A historical drama set in Roman Egypt, concerning a slave who turns to the rising tide of Christianity in the hopes of pursuing freedom while also falling in love with his master, the famous female philosophy and mathematics professor Hypatia of Alexandria.
Alexandria, 391 AD: Hypatia teaches astronomy, mathematics, and philosophy. Her student Orestes is in love with her, as is Davus, her personal slave. As the city's Christians, led by Ammonius and Cyril, gain political power, the institutions of learning may crumble along with the governance of slavery. Jump ahead 20 years: Orestes, the city's prefect, has an uneasy peace with Christians, led by Cyril. A group from the newly empowered Christians has now taken to enforce their cultural hegemony zealously; first they see the Jews as their obstacle, then nonbelievers. Hypatia has no interest in faith; she's concerned about the movement of celestial bodies and "the brotherhood of all". Although her former slave doesn't see it that way. Written by
The Serapeum was on the top of a hill. According to certain authors it contained only a part of the works of the Great Library after its fire occurred centuries before. There were then two libraries and the Great Library was in fact on the other side of the Rhakotis quarter, more or less in front of the Island of Pharus. See more »
Synesius, you don't question what you believe, or cannot. I must.
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I saw this today at the Toronto International Film Festival, and overall it was quite an interesting experience for me. I will first comment on the pros, and then the cons.
From the beginning, the film's exquisite detail is evident -- costumes, sets, props, hundreds/thousands of extras, etc --, reminding me especially of HBO's Rome series. CGIs were amazing, and the sound effects used in certain scenes with large numbers of people were thunderous and powerful -- surely the best I have seen from a film. It is by far the most ambitious project in the bringing to life of an ancient city that I have seen on screen. I only wished that they would have had the actors speak in Greek, but that would be asking too much I suppose :p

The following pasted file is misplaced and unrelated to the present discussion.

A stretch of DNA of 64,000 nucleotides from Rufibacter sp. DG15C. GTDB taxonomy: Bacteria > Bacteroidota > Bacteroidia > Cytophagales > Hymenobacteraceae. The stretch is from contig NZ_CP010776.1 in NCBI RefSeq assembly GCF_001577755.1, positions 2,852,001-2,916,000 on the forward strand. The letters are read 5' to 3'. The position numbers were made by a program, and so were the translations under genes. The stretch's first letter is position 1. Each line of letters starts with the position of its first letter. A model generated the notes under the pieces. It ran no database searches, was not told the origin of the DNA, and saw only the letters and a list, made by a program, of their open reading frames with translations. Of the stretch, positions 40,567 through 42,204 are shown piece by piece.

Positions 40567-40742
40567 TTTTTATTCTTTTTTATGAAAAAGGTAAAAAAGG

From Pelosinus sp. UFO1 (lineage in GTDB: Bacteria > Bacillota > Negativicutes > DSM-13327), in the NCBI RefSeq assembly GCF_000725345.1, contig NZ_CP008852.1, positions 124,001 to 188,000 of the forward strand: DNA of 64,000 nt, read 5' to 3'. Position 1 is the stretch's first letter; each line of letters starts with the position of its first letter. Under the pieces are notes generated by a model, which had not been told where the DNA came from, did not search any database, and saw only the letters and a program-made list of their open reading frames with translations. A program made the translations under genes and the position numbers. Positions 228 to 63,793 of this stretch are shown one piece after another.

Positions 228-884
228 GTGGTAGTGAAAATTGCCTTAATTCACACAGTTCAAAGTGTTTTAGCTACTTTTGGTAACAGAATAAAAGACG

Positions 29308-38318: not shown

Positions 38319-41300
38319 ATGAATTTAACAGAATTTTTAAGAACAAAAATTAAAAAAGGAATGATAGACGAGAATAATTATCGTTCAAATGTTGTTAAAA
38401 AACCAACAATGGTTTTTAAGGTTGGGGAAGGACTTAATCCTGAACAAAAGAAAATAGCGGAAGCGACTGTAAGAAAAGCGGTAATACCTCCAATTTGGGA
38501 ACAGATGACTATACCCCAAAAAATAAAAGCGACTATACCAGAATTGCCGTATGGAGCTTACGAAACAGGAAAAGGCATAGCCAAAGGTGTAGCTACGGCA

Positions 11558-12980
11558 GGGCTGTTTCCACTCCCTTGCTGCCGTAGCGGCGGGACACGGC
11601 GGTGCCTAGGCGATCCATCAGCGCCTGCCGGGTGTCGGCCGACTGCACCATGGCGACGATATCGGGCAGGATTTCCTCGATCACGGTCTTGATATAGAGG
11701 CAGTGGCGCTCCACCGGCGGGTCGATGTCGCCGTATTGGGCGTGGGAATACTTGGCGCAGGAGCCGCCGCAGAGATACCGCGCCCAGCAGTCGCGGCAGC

Also, I liked how the film did not focus so much on portraying any one religious group as "the bad guy". Naturally, one would have assumed that it was going to be the Christians (after seeing the trailers), but in fact the goods and the bads were exposed in all religions, which added to the realism and historical accuracy of the film.
Above all, this director ought to be commended in his attempt to capture the society in the city of Alexandria of late antiquity. This has never yet been done in cinema, and Amenabar clearly attempts to do this out of extraordinary passion for his work. Agora presents to the audience a glimpse into a world that is little known outside of the circles of ancient historians and classicists, and the film's portrayal of religious strife between the different groups in Alexandria successfully shows a very complex ancient society.
The main character, Davus, also serves as an important figure, by representing the common man living in Alexandria at the time who must face the challenges of an ancient society in transition. However, I feel that the subtleties of Davus' character, who is indeed a source of much important historical information, would be misunderstood and ignored by the audience, which would be in search of something more direct and "in- your-face" from the film.
Overall, the film was at its best when it subtly hinted certain elements/themes to the audience -- this is when it showed the most sophistication in the portrayal of history, and skill in terms of artistic merit.
I think the biggest mistake that the director made was to focus too much on the religious conflict. Without a doubt, during the first 45 minutes the audience was engulfed and captivated with awe by the strife between the pagans and the Christians (probably because such a time in history is little known today, and rarely portrayed in art or discussed), but the film does not give a break to its constant references to religion. Throughout the two hours, the script continuously shows the characters' endless preoccupation with religious matters, which takes away from development of their individualities. Amenabar tries to differ attention toward other things, through the love triangle between Orestes, Davus, and Hypatia -- which works well at times, but could have been developed far more (especially between her and Davus). He also gives some attention to science; a big mistake IMO, because in such scenes, one feels like the film turns into a lecture. If Amenabar had tried to use CGIs to demonstrate some of the scientific concepts discussed among characters, he could have added something artistic to the bland dialogue of those scenes.
I was also somewhat disappointed by Dario Marianelli's score. HAving heard his compositions for "Pride and Prejudice", "Atonement" and "V for Vendetta", I was expecting a musical score that was more intense and thought-provoking, rather than a more or less typical and primitive symphony that one often hears in "epic" historical films.
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